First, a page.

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Front Physiol. 2016 Oct 28;7:499. eCollection 2016.

Recent Advances in the Molecular Genetics of Familial Hypertrophic Cardiomyopathy in South Asian Descendants.

Author information

1
Department of Internal Medicine, Heart, Lung and Vascular Institute, Division of Cardiovascular Health and Sciences, University of Cincinnati College of Medicine Cincinnati, OH, USA.
2
AstraZeneca R&D Mölndal, Innovative Medicines and Early Development, Cardiovascular and Metabolic Diseases iMedMölndal, Sweden; Integrated Cardio Metabolic Centre, Karolinska Institutet, Myocardial Genetics, Karolinska University Hospital in HuddingeHuddinge, Sweden.

Abstract

The South Asian population, numbered at 1.8 billion, is estimated to comprise around 20% of the global population and 1% of the American population, and has one of the highest rates of cardiovascular disease. While South Asians show increased classical risk factors for developing heart failure, the role of population-specific genetic risk factors has not yet been examined for this group. Hypertrophic cardiomyopathy (HCM) is one of the major cardiac genetic disorders among South Asians, leading to contractile dysfunction, heart failure, and sudden cardiac death. This disease displays autosomal dominant inheritance, and it is associated with a large number of variants in both sarcomeric and non-sarcomeric proteins. The South Asians, a population with large ethnic diversity, potentially carries region-specific polymorphisms. There is high variability in disease penetrance and phenotypic expression of variants associated with HCM. Thus, extensive studies are required to decipher pathogenicity and the physiological mechanisms of these variants, as well as the contribution of modifier genes and environmental factors to disease phenotypes. Conducting genotype-phenotype correlation studies will lead to improved understanding of HCM and, consequently, improved treatment options for this high-risk population. The objective of this review is to report the history of cardiovascular disease and HCM in South Asians, present previously published pathogenic variants, and introduce current efforts to study HCM using induced pluripotent stem cell-derived cardiomyocytes, next-generation sequencing, and gene editing technologies. The authors ultimately hope that this review will stimulate further research, drive novel discoveries, and contribute to the development of personalized medicine with the aim of expanding therapeutic strategies for HCM.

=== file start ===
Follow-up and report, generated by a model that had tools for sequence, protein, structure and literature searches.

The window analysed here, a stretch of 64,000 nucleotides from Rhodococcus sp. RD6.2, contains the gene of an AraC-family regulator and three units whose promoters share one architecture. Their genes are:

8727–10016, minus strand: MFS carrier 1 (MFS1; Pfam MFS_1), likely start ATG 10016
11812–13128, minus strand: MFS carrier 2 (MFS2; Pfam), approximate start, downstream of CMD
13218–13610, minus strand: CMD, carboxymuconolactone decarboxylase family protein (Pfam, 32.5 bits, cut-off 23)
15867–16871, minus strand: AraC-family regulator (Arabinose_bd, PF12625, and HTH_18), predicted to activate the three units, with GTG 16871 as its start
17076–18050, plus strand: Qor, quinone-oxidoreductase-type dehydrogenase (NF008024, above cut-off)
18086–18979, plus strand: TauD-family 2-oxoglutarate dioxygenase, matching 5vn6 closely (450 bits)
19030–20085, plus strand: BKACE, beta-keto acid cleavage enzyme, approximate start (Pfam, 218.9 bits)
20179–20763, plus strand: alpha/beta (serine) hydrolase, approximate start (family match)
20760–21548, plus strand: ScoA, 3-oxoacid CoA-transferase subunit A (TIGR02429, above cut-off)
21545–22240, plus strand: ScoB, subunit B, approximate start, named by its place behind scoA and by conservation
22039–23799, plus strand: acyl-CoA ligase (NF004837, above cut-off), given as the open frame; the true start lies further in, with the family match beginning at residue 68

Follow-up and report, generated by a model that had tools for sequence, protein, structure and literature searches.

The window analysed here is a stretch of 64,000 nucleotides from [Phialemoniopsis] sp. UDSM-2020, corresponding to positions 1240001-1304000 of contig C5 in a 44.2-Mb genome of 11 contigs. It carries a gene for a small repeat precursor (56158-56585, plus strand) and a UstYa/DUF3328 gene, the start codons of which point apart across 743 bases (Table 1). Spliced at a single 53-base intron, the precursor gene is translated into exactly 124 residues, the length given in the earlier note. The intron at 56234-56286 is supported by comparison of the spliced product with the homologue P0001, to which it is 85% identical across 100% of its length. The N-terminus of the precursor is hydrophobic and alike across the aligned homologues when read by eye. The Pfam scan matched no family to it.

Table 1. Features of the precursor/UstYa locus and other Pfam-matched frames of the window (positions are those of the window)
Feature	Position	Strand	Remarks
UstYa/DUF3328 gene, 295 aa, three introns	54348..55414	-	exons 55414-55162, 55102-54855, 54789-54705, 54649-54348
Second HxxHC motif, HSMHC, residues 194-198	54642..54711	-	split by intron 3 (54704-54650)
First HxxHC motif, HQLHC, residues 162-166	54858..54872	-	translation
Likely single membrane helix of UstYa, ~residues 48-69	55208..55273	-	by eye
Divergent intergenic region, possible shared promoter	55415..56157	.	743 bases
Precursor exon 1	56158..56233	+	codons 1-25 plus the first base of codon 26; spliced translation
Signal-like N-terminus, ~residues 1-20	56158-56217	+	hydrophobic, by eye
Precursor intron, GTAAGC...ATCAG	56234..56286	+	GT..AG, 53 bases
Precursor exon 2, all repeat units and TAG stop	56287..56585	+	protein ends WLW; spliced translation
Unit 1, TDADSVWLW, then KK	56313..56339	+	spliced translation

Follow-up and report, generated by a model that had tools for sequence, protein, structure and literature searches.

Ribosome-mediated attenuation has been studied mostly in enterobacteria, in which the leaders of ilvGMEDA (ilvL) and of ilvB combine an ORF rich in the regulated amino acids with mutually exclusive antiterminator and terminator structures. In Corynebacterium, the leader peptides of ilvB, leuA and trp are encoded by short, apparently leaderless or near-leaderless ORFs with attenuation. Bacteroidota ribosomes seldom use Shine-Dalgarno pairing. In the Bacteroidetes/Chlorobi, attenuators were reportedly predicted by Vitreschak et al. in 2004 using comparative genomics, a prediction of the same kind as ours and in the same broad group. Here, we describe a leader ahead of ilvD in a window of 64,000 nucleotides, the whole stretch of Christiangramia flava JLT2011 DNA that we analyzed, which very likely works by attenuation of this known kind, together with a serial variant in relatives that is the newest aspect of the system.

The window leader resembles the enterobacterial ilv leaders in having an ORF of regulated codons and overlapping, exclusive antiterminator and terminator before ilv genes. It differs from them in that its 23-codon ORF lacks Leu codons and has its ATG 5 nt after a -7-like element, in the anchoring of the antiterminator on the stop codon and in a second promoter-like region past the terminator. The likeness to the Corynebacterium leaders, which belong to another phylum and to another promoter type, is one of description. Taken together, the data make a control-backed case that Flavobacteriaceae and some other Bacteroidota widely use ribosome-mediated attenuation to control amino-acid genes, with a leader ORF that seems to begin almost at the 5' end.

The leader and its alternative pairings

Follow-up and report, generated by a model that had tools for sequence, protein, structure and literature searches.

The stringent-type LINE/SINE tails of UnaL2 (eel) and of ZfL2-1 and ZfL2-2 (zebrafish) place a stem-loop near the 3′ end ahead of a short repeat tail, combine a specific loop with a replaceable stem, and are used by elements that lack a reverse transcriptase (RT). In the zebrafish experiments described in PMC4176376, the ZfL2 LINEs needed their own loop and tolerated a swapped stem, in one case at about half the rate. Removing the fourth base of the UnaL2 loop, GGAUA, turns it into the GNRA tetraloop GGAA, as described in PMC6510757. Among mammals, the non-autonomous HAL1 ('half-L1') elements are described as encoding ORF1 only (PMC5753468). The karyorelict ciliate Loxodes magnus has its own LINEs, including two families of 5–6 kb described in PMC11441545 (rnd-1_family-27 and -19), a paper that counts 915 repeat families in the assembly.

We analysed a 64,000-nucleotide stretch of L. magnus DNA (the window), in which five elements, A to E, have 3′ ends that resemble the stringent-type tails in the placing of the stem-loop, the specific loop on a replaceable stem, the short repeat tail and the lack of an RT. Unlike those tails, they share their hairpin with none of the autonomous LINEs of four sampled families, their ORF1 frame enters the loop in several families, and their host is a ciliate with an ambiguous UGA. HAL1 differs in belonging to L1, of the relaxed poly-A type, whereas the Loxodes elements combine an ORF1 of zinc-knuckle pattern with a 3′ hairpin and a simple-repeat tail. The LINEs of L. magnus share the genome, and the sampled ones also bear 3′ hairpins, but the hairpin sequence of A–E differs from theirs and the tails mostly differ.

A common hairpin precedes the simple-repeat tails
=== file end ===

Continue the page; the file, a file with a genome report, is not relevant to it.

KEYWORDS:

MYH7; MYPBC3; South Asians; cardiac myosin binding protein-C; hypertrophic cardiomyopathy; β-myosin heavy chain

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